Fashion is something you attach to yourself, put on, and through that interaction the meaning of it is born. Without the wearing of it, it has no meaning, unlike a piece of art. It is fashion because people want to buy it now, because they want to wear it now, today. Fashion is only the right now.
What I want to express is a feeling-various emotions that I am experiencing at the time-whether it is anger or hope or anything else, and from different angles. I construct a collection and it takes concrete form. That's probably what appears conceptual to people because it never starts out with any specific historical or geographical reference. My point of departure is always abstract and multileveled.
I can't become naked for everybody. It's never going to be possible for the person to write the whole story completely, so I find bits of myself, bits of what I think in some articles. And I don't give lip service to journalists. I never make them feel comfortable. I say, "It's your job to make the story."
The freedom I give myself for the business is in deciding to take part in the Paris collections, but also having other retail strategies that are unlike anybody else's. Not necessarily going into malls, doing the business my own way - having different brands to cover different concepts, to be able to have the cash flow to carry on.
In Comme des Garçons, I hardly do any sketches; there's no fittings on bodies, there's no models that come in and say, "Oh, a little bit like this." In the beginning, there isn't even a theme. It's like getting the whole world at your feet - to empty your mind of everything that's ever happened before, to get an empty space.
The idea was not to make a huge business, because the bigger you get, the more restraints I thought I might get. Number one was to do what I set out to do: make new and interesting things within the size of the business that is possible to do without restraints. The second goal was to do the business in order to achieve the first goal. That's what many people don't understand.
In terms of creation, I have never thought of suiting any system or abiding by any rules. In this respect I have remained free. The necessity has grown, as we have gotten bigger, to think about commercial aspects of the business more and more, because of the responsibility we have toward our staff and our factories.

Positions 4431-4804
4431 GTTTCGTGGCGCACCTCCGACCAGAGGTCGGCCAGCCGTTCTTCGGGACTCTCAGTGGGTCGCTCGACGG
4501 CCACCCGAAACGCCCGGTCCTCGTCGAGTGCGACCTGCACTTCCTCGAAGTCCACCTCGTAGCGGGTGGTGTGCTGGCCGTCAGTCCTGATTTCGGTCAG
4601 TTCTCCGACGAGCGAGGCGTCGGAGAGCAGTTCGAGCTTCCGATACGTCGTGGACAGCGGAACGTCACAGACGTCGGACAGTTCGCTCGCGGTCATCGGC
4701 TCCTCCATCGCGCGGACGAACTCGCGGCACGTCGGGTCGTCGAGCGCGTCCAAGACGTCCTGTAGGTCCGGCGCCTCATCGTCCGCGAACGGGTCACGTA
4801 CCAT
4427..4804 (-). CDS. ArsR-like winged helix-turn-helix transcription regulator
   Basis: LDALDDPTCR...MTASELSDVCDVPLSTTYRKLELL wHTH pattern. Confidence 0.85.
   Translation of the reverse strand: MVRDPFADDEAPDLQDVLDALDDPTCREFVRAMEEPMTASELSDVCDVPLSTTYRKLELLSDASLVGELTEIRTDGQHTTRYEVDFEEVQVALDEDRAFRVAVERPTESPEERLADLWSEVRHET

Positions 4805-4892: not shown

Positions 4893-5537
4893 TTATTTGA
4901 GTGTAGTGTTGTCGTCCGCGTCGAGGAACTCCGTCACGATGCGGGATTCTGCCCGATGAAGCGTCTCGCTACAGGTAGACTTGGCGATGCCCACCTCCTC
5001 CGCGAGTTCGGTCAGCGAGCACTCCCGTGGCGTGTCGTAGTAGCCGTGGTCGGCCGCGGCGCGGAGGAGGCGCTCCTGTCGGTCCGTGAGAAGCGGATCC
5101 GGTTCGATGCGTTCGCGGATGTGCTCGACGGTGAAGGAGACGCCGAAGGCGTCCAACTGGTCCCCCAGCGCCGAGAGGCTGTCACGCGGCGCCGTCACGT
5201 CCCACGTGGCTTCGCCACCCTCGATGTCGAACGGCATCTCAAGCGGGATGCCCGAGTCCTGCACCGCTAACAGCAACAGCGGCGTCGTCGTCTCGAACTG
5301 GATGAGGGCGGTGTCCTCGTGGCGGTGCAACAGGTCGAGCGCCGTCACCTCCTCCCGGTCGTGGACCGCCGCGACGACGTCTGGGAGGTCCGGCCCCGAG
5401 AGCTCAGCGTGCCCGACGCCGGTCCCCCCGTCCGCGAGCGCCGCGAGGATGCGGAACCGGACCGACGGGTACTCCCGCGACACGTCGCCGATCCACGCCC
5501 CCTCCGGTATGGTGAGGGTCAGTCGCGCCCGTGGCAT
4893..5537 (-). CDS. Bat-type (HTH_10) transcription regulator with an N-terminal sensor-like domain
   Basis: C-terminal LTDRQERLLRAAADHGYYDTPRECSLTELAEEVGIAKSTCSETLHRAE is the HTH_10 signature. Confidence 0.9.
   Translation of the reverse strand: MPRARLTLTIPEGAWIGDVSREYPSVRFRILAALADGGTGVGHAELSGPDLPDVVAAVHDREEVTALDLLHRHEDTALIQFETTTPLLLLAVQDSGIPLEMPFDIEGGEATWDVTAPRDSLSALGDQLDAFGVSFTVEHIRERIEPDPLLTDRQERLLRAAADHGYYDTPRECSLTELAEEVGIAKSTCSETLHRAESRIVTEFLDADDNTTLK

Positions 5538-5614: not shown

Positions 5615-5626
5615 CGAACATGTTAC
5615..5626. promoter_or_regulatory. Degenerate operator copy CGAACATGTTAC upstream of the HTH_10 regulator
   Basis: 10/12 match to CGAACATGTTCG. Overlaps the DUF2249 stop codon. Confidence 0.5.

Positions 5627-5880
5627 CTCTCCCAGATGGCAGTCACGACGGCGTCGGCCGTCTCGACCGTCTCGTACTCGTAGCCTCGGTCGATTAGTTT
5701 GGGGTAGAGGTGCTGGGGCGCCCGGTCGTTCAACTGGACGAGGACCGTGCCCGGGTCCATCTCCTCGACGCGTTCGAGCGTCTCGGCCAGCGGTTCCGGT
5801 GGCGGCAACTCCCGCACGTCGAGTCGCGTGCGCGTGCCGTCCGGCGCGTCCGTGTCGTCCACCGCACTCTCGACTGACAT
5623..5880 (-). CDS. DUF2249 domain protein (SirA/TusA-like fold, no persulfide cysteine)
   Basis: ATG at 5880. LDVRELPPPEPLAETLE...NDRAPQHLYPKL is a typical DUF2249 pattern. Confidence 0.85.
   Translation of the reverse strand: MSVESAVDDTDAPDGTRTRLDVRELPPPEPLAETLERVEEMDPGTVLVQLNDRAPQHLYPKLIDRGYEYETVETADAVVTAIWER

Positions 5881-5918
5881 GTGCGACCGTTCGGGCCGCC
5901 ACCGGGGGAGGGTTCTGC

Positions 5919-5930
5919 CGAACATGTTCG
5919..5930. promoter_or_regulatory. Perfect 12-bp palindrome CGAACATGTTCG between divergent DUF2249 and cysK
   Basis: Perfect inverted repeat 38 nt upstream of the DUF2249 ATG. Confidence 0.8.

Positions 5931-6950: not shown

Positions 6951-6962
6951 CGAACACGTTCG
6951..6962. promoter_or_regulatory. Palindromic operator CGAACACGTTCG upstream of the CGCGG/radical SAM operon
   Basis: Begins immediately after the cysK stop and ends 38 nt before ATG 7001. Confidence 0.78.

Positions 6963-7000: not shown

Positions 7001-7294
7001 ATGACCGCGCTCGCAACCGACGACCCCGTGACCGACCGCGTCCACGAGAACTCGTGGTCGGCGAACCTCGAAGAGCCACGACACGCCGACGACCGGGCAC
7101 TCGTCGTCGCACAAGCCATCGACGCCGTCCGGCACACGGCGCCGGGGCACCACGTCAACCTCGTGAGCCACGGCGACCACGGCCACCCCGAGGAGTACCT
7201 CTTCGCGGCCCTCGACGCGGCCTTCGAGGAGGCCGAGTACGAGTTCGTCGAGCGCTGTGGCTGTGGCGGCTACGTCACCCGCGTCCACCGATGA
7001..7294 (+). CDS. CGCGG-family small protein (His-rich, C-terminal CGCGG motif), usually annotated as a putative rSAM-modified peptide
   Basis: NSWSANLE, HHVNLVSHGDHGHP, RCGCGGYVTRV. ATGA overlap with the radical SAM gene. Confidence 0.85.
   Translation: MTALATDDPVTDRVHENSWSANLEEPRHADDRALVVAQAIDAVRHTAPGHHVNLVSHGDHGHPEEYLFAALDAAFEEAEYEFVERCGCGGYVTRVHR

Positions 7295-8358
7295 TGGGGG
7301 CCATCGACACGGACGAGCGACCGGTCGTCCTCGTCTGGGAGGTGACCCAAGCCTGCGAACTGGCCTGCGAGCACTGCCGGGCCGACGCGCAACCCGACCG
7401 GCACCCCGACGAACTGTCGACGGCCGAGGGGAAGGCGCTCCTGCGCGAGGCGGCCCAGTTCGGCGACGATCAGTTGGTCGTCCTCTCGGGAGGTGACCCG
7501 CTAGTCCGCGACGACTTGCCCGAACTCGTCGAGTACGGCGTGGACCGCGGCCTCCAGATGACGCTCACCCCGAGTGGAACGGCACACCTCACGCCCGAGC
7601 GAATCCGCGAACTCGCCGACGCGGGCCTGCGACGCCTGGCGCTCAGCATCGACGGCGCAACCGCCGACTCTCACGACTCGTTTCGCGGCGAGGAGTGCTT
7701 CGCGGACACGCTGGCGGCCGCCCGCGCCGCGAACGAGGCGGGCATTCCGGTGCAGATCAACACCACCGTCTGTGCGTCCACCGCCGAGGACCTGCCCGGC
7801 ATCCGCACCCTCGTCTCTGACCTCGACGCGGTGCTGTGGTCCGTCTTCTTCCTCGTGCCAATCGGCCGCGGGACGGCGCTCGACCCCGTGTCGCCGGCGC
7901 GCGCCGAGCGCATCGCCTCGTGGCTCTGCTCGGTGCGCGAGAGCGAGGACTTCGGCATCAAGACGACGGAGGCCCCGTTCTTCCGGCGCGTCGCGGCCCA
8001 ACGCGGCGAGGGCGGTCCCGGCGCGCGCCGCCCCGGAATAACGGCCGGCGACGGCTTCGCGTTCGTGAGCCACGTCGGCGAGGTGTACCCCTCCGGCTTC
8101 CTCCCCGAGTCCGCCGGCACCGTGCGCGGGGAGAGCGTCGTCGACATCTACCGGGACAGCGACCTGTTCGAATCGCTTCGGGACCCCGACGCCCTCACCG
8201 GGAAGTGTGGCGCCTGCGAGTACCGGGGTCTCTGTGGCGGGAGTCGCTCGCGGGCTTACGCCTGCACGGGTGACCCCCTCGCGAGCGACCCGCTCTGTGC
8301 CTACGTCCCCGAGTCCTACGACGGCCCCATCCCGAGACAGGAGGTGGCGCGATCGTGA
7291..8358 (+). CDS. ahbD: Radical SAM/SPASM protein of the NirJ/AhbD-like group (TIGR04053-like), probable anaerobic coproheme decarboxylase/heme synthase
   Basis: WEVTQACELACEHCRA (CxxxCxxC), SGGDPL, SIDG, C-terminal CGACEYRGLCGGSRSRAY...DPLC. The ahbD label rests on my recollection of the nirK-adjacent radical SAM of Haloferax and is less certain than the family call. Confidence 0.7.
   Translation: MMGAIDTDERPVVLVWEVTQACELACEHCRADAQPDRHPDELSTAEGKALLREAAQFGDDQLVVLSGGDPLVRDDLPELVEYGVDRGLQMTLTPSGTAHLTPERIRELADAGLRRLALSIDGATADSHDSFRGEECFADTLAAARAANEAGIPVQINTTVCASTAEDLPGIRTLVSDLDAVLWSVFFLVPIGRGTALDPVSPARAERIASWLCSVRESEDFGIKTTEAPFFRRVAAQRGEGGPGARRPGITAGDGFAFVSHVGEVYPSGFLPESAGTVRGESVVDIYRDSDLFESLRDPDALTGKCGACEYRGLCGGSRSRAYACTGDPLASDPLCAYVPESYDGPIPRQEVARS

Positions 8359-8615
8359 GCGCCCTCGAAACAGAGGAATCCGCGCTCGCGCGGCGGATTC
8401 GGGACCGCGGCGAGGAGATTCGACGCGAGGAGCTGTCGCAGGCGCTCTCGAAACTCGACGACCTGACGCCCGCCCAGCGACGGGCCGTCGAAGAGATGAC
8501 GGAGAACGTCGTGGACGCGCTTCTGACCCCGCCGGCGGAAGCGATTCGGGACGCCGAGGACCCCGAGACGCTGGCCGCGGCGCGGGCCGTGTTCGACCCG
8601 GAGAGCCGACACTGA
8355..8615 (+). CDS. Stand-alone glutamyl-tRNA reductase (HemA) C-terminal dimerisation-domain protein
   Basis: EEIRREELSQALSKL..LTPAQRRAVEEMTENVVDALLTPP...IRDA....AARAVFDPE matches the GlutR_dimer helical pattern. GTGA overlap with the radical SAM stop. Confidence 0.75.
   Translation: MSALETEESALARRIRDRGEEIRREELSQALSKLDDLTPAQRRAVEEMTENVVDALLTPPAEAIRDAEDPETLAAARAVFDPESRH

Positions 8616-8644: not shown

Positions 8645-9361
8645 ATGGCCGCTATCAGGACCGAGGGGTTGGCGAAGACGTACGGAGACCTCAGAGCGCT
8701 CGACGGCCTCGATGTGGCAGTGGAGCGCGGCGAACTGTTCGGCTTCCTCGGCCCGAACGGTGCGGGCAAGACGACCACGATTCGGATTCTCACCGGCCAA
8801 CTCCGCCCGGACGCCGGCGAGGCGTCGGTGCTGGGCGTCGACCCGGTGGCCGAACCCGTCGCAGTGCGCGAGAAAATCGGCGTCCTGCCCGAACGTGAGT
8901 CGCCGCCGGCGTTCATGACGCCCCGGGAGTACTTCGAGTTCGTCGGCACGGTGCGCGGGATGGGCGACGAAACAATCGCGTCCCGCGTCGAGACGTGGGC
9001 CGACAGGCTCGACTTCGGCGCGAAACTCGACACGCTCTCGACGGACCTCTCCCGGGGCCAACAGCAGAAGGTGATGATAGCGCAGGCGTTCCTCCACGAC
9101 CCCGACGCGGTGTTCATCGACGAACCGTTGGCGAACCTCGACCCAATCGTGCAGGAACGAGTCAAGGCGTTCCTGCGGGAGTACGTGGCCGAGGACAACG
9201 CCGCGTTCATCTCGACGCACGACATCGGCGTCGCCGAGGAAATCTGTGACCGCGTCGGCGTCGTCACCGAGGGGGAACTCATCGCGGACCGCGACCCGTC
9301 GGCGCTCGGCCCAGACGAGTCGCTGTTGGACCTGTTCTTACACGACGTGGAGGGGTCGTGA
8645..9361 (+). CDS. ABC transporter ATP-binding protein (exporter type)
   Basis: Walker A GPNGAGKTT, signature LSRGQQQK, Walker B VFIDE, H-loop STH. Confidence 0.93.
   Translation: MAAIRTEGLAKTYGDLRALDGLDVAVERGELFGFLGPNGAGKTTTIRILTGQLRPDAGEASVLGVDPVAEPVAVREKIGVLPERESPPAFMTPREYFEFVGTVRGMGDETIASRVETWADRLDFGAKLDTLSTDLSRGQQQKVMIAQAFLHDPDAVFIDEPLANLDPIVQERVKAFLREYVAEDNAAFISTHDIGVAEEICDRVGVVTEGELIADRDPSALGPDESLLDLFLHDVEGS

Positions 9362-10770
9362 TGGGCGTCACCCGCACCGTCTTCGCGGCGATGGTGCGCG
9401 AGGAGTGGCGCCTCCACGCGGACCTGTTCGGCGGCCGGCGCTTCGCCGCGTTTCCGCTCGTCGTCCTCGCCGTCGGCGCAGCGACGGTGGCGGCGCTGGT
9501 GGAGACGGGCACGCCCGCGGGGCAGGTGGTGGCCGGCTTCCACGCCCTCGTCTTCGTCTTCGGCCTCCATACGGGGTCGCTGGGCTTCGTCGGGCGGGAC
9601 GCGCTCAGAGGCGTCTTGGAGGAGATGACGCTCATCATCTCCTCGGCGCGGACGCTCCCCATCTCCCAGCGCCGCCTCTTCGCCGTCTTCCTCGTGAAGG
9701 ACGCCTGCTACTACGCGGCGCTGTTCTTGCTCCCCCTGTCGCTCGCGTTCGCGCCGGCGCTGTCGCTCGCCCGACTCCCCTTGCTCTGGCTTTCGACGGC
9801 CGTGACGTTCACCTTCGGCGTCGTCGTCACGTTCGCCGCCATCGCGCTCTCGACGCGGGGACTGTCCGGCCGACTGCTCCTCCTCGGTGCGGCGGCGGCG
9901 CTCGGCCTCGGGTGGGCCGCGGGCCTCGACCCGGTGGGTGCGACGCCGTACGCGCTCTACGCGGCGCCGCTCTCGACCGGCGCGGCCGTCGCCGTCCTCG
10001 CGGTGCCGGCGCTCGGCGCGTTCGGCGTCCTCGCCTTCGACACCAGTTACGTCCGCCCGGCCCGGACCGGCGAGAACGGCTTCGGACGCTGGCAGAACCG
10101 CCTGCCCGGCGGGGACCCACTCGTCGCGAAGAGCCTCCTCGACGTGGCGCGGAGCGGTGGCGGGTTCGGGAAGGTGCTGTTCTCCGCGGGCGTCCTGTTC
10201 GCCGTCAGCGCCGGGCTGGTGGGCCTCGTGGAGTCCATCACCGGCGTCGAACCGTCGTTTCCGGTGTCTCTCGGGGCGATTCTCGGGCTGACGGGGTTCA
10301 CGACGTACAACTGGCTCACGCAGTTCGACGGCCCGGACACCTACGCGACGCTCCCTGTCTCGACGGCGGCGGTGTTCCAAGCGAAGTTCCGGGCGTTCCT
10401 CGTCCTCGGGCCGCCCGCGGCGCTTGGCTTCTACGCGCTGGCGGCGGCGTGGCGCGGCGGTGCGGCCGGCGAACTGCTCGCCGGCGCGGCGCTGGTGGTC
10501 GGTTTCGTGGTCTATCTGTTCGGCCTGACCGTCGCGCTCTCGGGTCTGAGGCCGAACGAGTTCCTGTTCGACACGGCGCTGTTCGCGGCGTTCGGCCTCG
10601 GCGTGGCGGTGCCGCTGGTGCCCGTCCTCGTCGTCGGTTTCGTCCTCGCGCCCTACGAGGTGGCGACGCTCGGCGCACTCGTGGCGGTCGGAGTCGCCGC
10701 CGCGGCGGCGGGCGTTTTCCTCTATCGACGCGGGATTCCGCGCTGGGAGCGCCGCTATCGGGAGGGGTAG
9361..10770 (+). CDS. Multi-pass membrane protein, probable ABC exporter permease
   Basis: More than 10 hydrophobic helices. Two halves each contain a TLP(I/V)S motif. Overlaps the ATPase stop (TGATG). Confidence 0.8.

The theme of the collection this time is MONSTER. It's not about the typical Monster you find in sci-fi and video games. The expression of the Monsters I have made has a much deeper meaning. The craziness of humanity, the fear we all have, the feeling of going beyond common sense, the absence of ordinariness, expressed by something extremely big, by something that could be ugly or beautiful. In other words, I wanted to question the established standards of beauty.
There's always a pattern in order to make a thing, but the starting point must be something I've never seen before. It's not two-dimensional, but it's like a sample. I work with patterns like a sculptor. I try to get [the team] not to work on a body, [but] to work on a free space, on a table. The work is basically on flat surfaces.
If I do something I think is new, it will be misunderstood, but if people like it, I will be disappointed because I haven't pushed them enough. The more people hate it, maybe the newer it is. Because the fundamental human problem is that people are afraid of change. The place I am always looking for-because in order to keep the business I need to make a little compromise between my values and customers' values-is the place where I make something that could almost-but not quite-be understood by everyone.
If you have total freedom to design, you won't get anything interesting. So I give myself restraints in order to kind of push myself through, to create something new. It's the torture that I give myself, the pain and the struggle that I go through. So it's self-given, but that's the only way, I think, to make a strong, good new creation.
Years ago, it was easier to make new things than it is now. The weight of experience weighs heavily, and the expectations; everybody wants to see something they haven't seen before. Now, with social media, with too much information, with the speed of information - all that is making it harder and harder to realize the objective.